I praise you because I am fearfully and wonderfully made; your works are wonderful, I know that full well.  ~Psalm 139:13-15  ✝

24. Within the seed’s case a secret is held. Its fertile whisper shapes a song. ~Joan Halifax

When I see that first, miniscule, curled, pale
green wisp of a sprout poking up between a couple of
grains of vermiculite, I hear God speaking.
~June Santon

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Seed plants date back about 365 million years ago to the Paleozoic era.  These wondrous pieces of antiquity vary greatly in size: the smallest being the dust-like seed of orchids and the largest, weighing as much at times as 50 pounds, being the fruit of the coco de mer, the double coconut palm.  A typical seed is composed of 3 basic parts: 1. an embryo, 2. a supply of nutrients for the embryo, and 3. a seed coat that protects the embryo from injury or from drying out.  Seeds have two points of growth, one which forms the stem of the plant and the other where the roots of the plant form.  Some seeds have wings or hairs and are dispersed by the wind.  Others are buoyant and float in rivers to the oceans and wash up on beaches; then there are those that are dispersed in various ways by animals.   Given the fascinating science of seeds, how they work and how tiny some of them are, how could one not hear fertile whispers from God in them.

Each seed, regardless of its size, is a sacred promise.  The dictionary defines a promise as: 1. a declaration that something will or will not be done or given, or as   2. an express assurance on which expectation is to be based, and seeds definitely declare what the Lord has done and given and what we as His children can expect.  Special mention of seeds and their promise is made on the 3rd day of the Genesis story where we can see that plants and trees are profuse manifestations of “this seed force.”  Plants and trees have been coming forth for millions of years and come forth yet.  During the unseen holy hours of nurturing, the “seed force” reaches down into the darkness of the earth’s “concealed depths” therein to be sustained by water.  In the Celtic tradition the moisture in earth’s soil is a “symbol of the waters of God that enfold and infuse all things.”  God’s goodness, deeper than any evil, then can be seen at the inception and very heart of life.  J. Philip Newell says that “everything that is born in the great matrix of life is sustained by roots that reach into the deep mystery of God’s life.”  The image which Newell’s words paint of all life reaching deep into God’s life is what, for many of us, shapes songs of joy and praise, for there is no more comforting, good, or safe place in the world than the heart of God!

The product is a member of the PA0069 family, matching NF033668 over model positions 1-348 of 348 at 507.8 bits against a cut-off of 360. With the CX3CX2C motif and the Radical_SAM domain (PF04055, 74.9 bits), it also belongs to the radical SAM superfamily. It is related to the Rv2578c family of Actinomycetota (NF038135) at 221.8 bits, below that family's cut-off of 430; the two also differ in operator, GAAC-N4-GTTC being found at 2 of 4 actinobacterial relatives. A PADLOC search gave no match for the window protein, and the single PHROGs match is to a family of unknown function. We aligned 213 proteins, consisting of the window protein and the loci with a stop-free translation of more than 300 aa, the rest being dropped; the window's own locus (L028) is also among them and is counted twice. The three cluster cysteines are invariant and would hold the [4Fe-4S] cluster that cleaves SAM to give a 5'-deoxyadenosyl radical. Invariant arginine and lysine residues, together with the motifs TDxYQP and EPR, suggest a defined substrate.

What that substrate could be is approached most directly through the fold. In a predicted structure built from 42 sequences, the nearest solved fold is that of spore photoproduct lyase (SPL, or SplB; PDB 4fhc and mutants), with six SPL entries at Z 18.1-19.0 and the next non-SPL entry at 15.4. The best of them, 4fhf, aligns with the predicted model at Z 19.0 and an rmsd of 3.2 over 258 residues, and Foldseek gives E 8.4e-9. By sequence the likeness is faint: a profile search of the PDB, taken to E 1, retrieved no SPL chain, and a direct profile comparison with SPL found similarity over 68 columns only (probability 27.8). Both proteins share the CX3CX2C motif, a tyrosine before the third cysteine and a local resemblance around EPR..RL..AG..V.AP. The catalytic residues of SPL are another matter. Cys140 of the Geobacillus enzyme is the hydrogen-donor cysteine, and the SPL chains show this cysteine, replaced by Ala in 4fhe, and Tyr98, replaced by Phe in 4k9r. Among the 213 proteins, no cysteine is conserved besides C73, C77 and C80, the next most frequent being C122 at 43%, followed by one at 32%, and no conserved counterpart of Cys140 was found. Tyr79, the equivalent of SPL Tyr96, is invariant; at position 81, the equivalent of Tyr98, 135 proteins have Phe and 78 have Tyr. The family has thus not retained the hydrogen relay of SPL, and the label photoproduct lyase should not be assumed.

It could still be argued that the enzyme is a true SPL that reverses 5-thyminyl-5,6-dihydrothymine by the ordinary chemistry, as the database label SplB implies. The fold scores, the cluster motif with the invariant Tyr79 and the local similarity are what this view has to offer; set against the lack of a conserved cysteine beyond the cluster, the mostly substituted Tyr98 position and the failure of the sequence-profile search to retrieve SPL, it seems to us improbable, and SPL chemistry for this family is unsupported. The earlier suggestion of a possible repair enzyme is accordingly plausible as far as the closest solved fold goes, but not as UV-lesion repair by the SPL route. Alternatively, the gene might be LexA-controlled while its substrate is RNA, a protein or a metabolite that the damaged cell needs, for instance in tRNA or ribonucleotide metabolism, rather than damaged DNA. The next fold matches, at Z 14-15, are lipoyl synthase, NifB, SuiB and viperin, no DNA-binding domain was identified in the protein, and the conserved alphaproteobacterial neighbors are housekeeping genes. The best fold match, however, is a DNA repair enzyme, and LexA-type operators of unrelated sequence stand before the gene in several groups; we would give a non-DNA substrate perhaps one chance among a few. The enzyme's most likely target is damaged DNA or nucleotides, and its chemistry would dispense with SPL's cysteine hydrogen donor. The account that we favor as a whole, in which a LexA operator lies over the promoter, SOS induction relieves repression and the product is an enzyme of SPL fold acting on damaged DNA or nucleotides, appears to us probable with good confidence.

As the rain and the snow come down from heaven, and do not return to it without  watering the earth and making it bud and flourish, so that it yields seed for the sower and bread for the eater, so is my word that goes out from my mouth: It will not return to me empty, but will accomplish what I desire and achieve the purpose for which I sent it.  ~Isaiah 55:10-11   ✝